A strange détente to the kerfuffle featuring the Motion Picture Association of America and the Weinstein Co. emerged yesterday, when it was reported that a slightly recut version of the documentary “Bully” would be rated PG-13. This news came after more than a month of wrangling during which the film about teenage bullying was given a controversial R rating by the MPAA for its limited use of the f-word. The MPAA became the target of widespread derision, including on Salon, as critics pointed out that its decision made the film inaccessible to its intended audience. (The documentary had received a "PG" rating from the Canadian rating board.)
In the end, the debate has been hugely beneficial to the film (a fact that Harvey Weinstein, a famously shrewd marketer, was likely aware of). Following an initial appeal by the Weinstein Co. -- which the MPAA ultimately rejected -- the film was defiantly released without a rating, earning $115,000 in five locations, the strongest release for a documentary in 2012. “Bully” greatly benefited from a groundswell of public support, including an online petition that garnered 500,000 signatures and the plaudits of high-profile celebrities who held screenings and raised awareness for the film.
“I’m obviously overjoyed by our victory over the MPAA,” Lee Hirsch told Salon in an interview. “I’m excited about the national conversation we’re having and I’m ready to keep getting the message out about the film.”
The filmmakers weren't entirely successful in keeping the film intact. The new cut of the film will drop the audio from three of the documentary’s six f-bombs, leaving in a scene on a school bus in which the word is used against one bullied student three times in rapid succession. “There’s the need to get beyond this conversation of rated or unrated.” Hirsch added. “I drew a line and said 'this is the scene we cannot cut,' it was the scene they [the MPAA] objected to the most. That’s where we held our line and I really feel that the MPAA really backed down here.”
As a result, “Bully” will now be screened for youth groups, Boy and Girl Scout groups and school districts, including the entire Cincinnati school district, which had to cancel its plans to screen the documentary after the film received its initial R rating back in February. Hirsch also mentioned that faith-based groups have signaled interest in the film, aided by the support of former Arkansas Gov. Mike Huckabee. Theater chains like Cinemark, America’s third-largest chain, which has a policy not to show unrated films, will now be able to show “Bully” when the documentary expands its release to 115 theaters next week.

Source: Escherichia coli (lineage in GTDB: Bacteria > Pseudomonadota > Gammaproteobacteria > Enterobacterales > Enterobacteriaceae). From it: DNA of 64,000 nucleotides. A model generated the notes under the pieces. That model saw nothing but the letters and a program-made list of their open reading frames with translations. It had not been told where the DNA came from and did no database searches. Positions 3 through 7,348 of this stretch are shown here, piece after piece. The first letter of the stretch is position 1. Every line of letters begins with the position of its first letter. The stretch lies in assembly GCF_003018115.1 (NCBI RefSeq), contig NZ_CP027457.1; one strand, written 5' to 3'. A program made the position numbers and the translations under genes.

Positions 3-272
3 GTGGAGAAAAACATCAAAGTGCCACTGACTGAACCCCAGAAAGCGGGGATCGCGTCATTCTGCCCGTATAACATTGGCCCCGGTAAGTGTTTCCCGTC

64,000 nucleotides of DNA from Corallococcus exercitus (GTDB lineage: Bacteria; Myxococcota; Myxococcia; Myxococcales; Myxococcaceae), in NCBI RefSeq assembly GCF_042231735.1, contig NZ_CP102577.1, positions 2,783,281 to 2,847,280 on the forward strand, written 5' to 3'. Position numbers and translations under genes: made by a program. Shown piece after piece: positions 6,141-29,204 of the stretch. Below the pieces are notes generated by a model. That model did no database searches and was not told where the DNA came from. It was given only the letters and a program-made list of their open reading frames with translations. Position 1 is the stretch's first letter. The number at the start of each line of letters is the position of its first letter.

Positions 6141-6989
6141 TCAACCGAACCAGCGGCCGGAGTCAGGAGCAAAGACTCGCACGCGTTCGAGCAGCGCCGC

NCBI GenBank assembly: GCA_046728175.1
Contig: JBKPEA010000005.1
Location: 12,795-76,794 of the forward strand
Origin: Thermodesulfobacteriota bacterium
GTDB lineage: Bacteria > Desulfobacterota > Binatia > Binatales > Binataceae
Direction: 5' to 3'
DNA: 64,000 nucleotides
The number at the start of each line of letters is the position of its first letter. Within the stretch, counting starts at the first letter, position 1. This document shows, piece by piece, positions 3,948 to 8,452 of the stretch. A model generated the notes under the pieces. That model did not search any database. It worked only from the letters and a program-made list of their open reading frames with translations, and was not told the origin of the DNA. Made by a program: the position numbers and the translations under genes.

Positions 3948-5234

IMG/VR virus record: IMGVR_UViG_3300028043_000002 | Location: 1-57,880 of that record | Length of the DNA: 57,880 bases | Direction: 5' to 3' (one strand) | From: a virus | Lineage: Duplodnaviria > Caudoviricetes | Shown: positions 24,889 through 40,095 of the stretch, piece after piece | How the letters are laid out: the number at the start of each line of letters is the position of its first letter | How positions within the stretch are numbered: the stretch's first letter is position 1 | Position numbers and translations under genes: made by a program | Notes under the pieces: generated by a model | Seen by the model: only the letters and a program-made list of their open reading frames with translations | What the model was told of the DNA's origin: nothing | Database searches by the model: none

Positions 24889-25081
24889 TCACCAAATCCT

Despite this, Kirby Dick, the director of “This Film Is Not Yet Rated,” a 2006 documentary that examined the MPAA ratings system, considers the greater context of this victory for “Bully” to be Pyrrhic.
“I’m glad it’s going out PG-13, obviously,” Dick said in an interview with Salon. “I still think that the MPAA shouldn’t be exerting this kind of control over a film. Filmmakers shouldn’t have to subject themselves to this; I don’t think audiences and parents should be limited by this very biased ratings system.”
One of Dick’s main contentions, also explored in his film, is that the MPAA is closely aligned with the major film studios in Hollywood and unfairly rates smaller films, including independent and foreign films, to discourage audiences from seeing them.
“I keep going back to the fact that they have no right to rate the films of their competitors,” Dick added. “As a group of the six major studios controlling 90 percent of the film business, setting up the only rating system in the country that actually affects whether viewers see the film, they don’t have the right to have that kind of control over a competitor’s film. That’s clearly restraint of trade and what will really change this is a lawsuit.”
In the case of “Bully” and its new PG-13 rating, the seemingly arbitrary nature of the ratings system shines through. After all, what's the difference between six instances versus the three instances of the f-word in the new version of “Bully” (one more utterance than normally allowed in PG-13 rated films)? It's a question that Dick and many other critics of the MPAA are frustrated by.
“If we’re getting down to counting the number of f-bombs, we’re not really focusing on the much bigger picture here,” Dick said. “You have people rating competitors’ films for their own financial interest, there’s no transparency, there’s no training for these people. This is not a decision that was made by the ratings board or the appeals committee as far as I know. It was simply a decision that was made by some executive working with the ratings administration, which is paid for by the MPAA. I don’t think of this as very significant. They’ll bend for Steven Spielberg, they’ll bend if there is a two- or three- or four-week campaign against a very egregious rating. The reality is that it’s just a ridiculous system and the system itself has to be changed.”